I’ve already posted about places to find inspiration for character names here but once you move away from individual stories and start to compile a collection, you may find you have a new problem.
We all have our own personal preferences about names – and we are all the product of our own era – so for any writer there will be a number of names which tend to come to mind relatively easily. These are likely to be the more common names for people around your age range (or possibly the age ranges of your parents or significant others) – eras in which, possibility without realising it, you’ve taken a special interest. The chances are, certain names will feel right to you for a particular kind of character. This might be unconscious – for instance, you might not choose the name of the person who bullied you at school to be your hero/heroine. There are also names – particularly of celebrities – which either become unusable or only possible to use for a very specific type of character because the name comes with connotations shared by society as whole. And then there are the names that are too close to you – those of family and friends whose names it might be odd to use and are therefore out of bounds.
My point is, unless you try really hard, you might end up using quite a small pool of names for your characters. And this doesn’t really matter for individual stories which will be published either singly or in a magazine full of other people’s stories. But it does matter once you start putting those stories together in a collection. All of a sudden you realise that you love the name “Dave” and you now have seven Daves in one collection. Worse, Dave in story No. 2 is a manipulative boyfriend, while Dave in story No. 7 is the guy at work who could become a love interest. The first Dave will certainly taint the second one in the mind of the reader! Argh!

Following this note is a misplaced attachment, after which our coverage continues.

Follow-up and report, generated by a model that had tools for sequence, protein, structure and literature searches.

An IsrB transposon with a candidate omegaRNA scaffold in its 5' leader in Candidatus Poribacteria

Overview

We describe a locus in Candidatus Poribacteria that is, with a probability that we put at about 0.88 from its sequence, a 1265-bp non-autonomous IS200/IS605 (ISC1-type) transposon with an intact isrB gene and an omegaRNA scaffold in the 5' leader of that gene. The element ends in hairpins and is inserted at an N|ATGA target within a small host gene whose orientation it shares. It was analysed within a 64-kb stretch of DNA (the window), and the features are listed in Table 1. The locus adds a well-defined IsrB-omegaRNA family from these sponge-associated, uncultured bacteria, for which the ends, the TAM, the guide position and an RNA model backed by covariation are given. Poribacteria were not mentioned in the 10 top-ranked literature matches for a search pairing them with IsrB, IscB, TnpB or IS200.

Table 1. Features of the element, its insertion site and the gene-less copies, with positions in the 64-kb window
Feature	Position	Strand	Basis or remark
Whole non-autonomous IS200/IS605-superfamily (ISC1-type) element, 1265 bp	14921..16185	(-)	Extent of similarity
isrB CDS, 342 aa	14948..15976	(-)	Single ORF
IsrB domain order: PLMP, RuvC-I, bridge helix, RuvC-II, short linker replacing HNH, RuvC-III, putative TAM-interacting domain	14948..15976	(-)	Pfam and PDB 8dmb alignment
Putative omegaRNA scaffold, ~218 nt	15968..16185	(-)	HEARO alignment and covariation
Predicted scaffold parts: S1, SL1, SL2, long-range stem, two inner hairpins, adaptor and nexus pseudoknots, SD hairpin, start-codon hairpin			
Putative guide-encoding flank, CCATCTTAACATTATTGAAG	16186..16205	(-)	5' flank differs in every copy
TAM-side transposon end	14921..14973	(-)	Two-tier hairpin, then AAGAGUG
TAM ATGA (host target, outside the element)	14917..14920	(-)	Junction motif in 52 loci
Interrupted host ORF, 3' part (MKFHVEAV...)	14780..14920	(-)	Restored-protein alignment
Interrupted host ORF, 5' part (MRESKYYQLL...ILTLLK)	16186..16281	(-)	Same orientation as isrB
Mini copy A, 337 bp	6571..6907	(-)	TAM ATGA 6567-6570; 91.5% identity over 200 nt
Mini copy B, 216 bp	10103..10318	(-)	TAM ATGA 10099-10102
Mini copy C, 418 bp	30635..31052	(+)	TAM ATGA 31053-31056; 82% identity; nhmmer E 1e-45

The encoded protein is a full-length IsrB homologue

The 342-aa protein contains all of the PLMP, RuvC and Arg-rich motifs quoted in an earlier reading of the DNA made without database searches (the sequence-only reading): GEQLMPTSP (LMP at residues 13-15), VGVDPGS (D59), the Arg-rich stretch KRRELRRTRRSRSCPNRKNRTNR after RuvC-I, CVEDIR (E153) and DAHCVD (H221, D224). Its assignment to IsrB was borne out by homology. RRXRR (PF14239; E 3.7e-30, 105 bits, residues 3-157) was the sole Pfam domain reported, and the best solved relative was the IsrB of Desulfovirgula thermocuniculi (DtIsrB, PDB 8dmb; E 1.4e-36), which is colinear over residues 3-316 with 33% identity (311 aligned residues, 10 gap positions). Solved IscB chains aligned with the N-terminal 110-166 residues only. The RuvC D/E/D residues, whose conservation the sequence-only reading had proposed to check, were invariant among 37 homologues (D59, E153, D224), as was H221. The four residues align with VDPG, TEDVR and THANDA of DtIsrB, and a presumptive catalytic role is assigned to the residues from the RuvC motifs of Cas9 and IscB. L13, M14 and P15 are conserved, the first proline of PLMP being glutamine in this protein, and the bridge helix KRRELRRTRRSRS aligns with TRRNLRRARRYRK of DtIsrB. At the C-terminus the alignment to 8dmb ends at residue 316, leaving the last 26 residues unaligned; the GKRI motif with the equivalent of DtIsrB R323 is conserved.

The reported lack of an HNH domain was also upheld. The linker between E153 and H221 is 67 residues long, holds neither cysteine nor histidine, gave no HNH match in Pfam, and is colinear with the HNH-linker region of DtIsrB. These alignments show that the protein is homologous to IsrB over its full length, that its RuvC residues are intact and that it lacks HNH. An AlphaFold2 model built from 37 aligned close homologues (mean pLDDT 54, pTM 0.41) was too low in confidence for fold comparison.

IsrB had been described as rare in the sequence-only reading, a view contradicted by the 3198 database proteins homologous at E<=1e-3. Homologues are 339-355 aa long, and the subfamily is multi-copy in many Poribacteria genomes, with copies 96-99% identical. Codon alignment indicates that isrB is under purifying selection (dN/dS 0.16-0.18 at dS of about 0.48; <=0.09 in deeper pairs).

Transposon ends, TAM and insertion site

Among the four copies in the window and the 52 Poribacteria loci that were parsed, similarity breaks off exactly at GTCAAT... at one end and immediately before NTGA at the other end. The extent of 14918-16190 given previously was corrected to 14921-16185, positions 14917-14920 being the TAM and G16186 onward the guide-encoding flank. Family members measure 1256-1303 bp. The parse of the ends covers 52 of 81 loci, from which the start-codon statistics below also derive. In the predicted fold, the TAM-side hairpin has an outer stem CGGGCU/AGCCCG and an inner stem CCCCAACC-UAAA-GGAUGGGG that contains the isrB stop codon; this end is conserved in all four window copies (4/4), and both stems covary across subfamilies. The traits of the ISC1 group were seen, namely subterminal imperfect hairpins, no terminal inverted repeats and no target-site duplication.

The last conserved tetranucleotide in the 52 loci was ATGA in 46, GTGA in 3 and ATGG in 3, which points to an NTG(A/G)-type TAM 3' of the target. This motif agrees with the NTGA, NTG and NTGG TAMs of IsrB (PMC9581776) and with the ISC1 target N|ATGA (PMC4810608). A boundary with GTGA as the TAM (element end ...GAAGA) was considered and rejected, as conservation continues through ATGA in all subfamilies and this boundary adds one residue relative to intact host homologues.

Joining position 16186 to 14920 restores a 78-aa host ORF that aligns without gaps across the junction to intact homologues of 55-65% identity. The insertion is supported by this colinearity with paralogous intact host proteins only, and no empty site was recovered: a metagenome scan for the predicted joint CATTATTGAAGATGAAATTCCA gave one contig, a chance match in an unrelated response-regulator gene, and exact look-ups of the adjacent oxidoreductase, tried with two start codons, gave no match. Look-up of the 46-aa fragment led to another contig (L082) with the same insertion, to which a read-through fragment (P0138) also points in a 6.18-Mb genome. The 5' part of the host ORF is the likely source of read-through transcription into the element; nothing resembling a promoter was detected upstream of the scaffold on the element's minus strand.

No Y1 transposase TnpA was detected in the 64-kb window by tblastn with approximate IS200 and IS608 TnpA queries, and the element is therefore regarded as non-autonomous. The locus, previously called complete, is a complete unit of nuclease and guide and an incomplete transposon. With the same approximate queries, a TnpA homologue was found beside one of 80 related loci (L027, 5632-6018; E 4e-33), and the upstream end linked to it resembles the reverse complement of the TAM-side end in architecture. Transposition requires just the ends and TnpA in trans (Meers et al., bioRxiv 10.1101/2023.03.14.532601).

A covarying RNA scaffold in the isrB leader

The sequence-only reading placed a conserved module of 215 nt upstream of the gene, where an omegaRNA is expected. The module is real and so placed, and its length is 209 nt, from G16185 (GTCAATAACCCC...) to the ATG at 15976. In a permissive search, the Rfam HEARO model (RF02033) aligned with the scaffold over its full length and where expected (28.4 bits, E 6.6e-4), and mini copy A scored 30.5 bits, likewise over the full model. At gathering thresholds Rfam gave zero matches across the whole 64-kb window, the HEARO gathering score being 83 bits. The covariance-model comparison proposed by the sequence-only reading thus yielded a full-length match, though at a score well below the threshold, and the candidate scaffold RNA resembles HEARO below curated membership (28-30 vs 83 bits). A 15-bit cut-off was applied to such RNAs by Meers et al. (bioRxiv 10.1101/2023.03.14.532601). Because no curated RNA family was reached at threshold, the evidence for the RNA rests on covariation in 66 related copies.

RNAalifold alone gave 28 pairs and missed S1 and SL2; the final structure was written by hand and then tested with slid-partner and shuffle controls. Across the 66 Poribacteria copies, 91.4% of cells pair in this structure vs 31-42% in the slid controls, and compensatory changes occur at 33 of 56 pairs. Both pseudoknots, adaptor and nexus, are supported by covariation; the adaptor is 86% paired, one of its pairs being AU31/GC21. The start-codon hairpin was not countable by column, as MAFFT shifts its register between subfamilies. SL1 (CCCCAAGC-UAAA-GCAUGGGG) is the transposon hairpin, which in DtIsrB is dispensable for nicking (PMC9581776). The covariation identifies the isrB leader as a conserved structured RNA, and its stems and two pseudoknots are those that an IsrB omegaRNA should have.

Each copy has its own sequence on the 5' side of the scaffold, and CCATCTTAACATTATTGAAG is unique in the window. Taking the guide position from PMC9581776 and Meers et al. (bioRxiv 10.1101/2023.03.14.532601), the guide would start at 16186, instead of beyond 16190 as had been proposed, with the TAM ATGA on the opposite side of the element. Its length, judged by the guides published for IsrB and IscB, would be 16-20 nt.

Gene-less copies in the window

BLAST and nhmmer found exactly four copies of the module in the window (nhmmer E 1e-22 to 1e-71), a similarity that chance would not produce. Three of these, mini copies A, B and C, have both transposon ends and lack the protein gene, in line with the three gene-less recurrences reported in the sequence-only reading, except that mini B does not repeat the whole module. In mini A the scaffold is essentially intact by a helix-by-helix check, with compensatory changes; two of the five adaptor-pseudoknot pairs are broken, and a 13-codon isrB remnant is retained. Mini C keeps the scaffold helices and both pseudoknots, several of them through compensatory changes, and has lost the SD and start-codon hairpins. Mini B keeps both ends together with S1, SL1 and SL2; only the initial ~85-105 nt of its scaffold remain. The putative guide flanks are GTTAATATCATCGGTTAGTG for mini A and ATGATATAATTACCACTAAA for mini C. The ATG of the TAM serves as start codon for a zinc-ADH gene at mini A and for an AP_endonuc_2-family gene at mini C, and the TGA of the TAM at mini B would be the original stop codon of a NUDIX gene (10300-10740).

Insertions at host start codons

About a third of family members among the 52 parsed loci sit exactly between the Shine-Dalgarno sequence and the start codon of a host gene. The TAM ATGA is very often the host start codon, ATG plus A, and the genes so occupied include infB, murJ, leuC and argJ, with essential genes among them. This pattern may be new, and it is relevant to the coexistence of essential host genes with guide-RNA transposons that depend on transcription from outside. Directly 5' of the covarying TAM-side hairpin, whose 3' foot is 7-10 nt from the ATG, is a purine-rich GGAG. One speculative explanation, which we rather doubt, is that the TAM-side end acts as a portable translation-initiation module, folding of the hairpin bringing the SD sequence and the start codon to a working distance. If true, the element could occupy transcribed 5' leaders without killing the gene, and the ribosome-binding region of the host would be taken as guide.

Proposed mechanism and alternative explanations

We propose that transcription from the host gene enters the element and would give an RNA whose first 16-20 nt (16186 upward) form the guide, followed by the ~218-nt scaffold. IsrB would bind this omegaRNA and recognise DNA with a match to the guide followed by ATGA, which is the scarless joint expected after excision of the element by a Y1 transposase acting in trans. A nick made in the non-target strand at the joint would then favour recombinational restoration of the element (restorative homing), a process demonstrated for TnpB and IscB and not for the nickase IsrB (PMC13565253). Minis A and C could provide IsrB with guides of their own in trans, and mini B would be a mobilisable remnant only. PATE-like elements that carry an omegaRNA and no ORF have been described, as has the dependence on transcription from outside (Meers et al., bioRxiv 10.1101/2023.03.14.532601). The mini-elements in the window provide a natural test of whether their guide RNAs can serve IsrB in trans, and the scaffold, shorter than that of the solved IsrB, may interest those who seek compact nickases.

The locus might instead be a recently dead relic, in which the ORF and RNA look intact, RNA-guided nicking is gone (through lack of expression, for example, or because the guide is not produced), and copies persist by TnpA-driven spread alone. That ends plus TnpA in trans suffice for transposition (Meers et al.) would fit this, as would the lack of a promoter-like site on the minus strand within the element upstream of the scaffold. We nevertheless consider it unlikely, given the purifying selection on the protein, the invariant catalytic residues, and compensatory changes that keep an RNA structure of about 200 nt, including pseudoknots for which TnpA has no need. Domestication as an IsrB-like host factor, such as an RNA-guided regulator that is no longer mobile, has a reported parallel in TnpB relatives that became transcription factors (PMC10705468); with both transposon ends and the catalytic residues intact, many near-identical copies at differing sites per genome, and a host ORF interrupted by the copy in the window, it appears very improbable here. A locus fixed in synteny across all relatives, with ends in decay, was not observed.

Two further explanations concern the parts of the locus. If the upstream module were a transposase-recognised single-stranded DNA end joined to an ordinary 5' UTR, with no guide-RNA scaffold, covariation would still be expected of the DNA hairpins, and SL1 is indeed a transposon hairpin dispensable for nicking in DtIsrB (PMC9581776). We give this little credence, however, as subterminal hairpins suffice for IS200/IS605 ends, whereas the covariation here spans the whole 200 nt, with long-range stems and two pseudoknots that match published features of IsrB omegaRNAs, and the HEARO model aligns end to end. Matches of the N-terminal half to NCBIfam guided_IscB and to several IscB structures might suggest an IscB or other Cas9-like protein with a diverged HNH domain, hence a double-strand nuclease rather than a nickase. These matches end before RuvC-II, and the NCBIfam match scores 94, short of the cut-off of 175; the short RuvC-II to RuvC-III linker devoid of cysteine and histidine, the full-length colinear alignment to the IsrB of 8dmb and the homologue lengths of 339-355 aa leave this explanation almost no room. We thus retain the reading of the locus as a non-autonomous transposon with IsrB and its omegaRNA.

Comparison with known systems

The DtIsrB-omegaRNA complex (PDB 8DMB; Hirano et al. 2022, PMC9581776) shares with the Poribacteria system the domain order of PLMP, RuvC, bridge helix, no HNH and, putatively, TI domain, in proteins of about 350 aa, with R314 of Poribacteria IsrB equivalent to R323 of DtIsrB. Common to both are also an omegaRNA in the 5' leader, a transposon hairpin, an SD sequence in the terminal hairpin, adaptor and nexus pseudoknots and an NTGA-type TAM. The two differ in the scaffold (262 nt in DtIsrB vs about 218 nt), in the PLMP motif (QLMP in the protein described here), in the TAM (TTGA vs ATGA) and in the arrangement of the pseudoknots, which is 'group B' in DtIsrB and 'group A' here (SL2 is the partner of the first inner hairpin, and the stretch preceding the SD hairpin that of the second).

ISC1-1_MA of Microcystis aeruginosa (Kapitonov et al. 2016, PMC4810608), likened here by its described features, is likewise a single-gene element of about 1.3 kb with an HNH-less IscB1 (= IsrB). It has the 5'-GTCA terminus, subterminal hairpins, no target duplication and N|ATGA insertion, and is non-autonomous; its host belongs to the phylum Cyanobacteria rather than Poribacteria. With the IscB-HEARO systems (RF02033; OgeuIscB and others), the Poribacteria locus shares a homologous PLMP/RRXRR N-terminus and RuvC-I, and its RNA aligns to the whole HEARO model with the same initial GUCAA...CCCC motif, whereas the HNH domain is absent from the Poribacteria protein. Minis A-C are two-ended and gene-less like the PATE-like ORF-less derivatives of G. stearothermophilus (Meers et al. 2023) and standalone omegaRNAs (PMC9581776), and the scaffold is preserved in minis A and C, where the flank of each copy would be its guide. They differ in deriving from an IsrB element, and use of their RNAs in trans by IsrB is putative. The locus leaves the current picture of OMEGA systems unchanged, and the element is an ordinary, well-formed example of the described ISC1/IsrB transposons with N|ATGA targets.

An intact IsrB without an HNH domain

Obviously, when creating a collection of stories, you can get around this by making a list of all the names you have used in each story in the collection. When doing this, you need to remember to include every name (and surnames where applicable), not just the important ones – you may be surprised how many characters you’ve actually had to name! Often it’ll be the minor characters that will catch you out – particularly if your collection includes some stories you wrote eons ago.
To make things very slightly easier you can stick your list into an Excel document. Then:
- select the name column
- click Home > Conditional Formatting > Highlight Cell Rules > Duplicate Values, and then click OK.
The column will then highlight in your chosen colour where a name appears more than once. This could be useful in a large collection – or indeed a novel, or series.